Sheldon Jackson College, which in June announced that it would suspend operations during the coming academic year so it could regroup financially, is in discussions with at least one for-profit institution about an alliance to bail out the struggling nonprofit institution.
David Dobler, president of the college, said in an interview that the small private Alaska institution is in active discussions with "one or two" for-profit entities about alliances that would preserve the "traditional mission of the college." He said that the college "is not for sale and the mission of the college is not up for grabs," but that the for-profit suitors with which the college is in discussions were interested in relationships that would not completely reshape the college. He declined to identify the entities the college is talking to.
The Sheldon Jackson discussions come at a time that many experts are seeing the start of a trend in which for-profit distance education providers either purchase or ally themselves with small nonprofit colleges that are struggling financially, but have accreditation and campuses. Last week, Touro College announced plans to sell its distance education unit to private investors. Sierra Nevada College last year announced an alliance with Knowledge Universe Learning Group, Michael Milken’s education company, in which funds are being provided to the college, which remains nonprofit, while plans are created to expand online graduate and professional education through Knowledge Universe and Cardean Leaning. In 2005, Bridgepoint Education, a for-profit higher education company, purchased Franciscan University of the Prairies, a small Roman Catholic College in Iowa, and transformed it into Ashford University, which still operates on the Iowa campus, but also has a growing distance education program. Grand Canyon and Post Universities have also made the nonprofit to for-profit transition.
When Sheldon Jackson announced its plans to suspend operations, officials said that they needed a year to figure out how to come up with a better financial plan and how to attract more students. (The college last year had about 100 full-time and 200 part-time students.)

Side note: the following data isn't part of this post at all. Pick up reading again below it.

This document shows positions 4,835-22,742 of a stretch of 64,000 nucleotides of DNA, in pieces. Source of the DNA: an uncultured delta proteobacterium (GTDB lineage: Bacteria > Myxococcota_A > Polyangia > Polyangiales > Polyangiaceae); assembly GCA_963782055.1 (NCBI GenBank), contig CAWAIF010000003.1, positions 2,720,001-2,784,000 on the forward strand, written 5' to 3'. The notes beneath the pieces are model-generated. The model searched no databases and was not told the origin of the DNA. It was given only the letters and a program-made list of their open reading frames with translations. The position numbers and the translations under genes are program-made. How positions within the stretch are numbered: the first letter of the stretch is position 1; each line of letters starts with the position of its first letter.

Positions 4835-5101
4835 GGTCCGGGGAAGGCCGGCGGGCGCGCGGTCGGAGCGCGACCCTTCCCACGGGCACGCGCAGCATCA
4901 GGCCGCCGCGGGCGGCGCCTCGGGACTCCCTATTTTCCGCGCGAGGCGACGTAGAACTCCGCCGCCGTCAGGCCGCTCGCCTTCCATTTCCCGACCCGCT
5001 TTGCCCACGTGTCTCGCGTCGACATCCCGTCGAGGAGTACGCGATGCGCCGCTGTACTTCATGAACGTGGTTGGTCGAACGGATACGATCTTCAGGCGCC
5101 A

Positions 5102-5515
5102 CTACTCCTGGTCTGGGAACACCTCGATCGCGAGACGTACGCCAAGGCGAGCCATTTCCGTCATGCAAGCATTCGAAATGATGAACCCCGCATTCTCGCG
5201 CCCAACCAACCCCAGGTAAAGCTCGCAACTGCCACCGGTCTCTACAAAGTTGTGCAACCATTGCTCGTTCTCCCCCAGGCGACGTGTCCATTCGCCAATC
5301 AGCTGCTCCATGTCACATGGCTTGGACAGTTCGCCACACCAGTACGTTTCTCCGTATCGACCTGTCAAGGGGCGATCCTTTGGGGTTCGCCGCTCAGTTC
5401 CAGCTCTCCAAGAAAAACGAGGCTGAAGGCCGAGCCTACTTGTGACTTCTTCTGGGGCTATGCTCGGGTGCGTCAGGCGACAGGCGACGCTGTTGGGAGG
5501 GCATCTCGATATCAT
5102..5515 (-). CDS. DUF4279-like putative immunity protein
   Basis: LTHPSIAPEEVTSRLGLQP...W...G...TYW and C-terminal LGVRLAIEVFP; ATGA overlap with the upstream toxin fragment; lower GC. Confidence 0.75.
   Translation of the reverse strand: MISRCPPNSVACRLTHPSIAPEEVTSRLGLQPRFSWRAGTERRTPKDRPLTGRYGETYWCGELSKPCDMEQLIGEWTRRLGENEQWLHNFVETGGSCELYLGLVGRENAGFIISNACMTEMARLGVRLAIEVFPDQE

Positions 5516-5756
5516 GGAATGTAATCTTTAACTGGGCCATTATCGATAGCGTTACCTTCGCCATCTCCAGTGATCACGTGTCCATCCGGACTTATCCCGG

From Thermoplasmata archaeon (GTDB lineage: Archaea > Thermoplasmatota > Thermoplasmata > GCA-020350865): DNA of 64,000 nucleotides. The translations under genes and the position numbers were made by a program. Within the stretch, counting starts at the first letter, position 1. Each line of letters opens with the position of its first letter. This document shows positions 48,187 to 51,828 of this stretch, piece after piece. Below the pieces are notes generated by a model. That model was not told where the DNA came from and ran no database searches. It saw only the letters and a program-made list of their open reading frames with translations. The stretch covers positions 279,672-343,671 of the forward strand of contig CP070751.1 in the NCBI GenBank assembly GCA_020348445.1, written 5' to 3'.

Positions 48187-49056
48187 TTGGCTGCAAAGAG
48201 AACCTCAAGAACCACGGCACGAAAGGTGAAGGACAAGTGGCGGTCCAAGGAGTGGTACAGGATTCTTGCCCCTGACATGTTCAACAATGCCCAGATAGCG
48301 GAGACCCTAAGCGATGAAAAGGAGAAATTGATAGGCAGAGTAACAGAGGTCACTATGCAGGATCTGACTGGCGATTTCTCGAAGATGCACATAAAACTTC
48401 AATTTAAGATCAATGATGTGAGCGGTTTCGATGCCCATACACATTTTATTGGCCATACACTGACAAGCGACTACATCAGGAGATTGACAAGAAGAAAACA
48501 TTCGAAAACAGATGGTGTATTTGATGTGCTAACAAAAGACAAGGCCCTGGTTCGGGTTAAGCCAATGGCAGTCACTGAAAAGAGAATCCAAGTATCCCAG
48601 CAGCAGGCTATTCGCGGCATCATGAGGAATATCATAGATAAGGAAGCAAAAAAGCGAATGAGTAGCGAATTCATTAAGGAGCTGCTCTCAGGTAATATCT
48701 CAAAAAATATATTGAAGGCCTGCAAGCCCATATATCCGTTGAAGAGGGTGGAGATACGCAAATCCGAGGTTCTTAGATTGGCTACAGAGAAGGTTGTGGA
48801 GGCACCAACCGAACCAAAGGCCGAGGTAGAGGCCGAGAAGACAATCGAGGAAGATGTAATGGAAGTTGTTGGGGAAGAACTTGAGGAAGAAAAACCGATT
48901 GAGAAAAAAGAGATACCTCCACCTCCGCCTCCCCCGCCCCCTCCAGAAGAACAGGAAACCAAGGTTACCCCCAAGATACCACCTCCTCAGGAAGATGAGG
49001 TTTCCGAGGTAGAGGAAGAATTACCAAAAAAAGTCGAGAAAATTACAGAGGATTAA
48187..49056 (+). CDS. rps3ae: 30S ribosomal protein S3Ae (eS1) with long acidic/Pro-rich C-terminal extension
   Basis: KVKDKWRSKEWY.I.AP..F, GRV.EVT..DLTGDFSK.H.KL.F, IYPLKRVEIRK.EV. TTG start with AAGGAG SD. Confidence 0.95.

A number of developments since the college announced it was suspending operations have former employees (most who worked at the college were laid off) wondering if it will be able to return:
- The Alaska Commission on Postsecondary Education announced that it was revoking Sheldon Jackson's authority under state law to operate as a college.
- While the commission agreed to stay its decision, pending an appeal, it has since announced that it will have to suspend authorization at its next meeting because the college's surety is no longer backing its bonding. (If bonding is reinstated, this issue would become moot.)
- The U.S. Department of Education has canceled the college's authority to award or administer federal financial aid. The college is appealing this decision.
- The college has been unable to make severance payments to its laid off employees.
- The college revealed that its entire campus is collateral on a loan it took out more than a year ago.
The suspensions of authority to operate in Alaska or to award federal aid are important for several reasons -- even with the college not planning to operate in the coming year. The process for gaining or regaining such authority is complicated, so if the college develops a plan to resume operations a year from now, it wants its authority to operate and award aid assured. In addition, some of the foundations and private groups the college wants to raise money from require that college recipients have the authority to operate.
Dobler, the president, said he remains confident that the college can rebound. He said that Sheldon Jackson is already taking steps to strengthen its position, such as creating a subdivision of its property so that a portion of its land (and not the entire campus) could serve as collateral for the loan. He said that he believed that the college would hold on to its authorization to operate and receive aid.
And he said that the college would make the severance payments former employees have been expecting "when we have cash to pay them."
What will the future of the college look like? Dobler said it would have to focus on "flexibility and responsiveness." Sheldon Jackson has offered bachelor's and associate degrees, with an emphasis on the environment. Dobler said that based on the "needs of the market place," the college might increase the role of associate degree and one-year certificate programs.
Dobler said that the recent setbacks only demonstrate the importance of suspending operations. "We have demonstrated in the past year and a half that we can't restructure at the same time we are trying to operate under the old model," he said.
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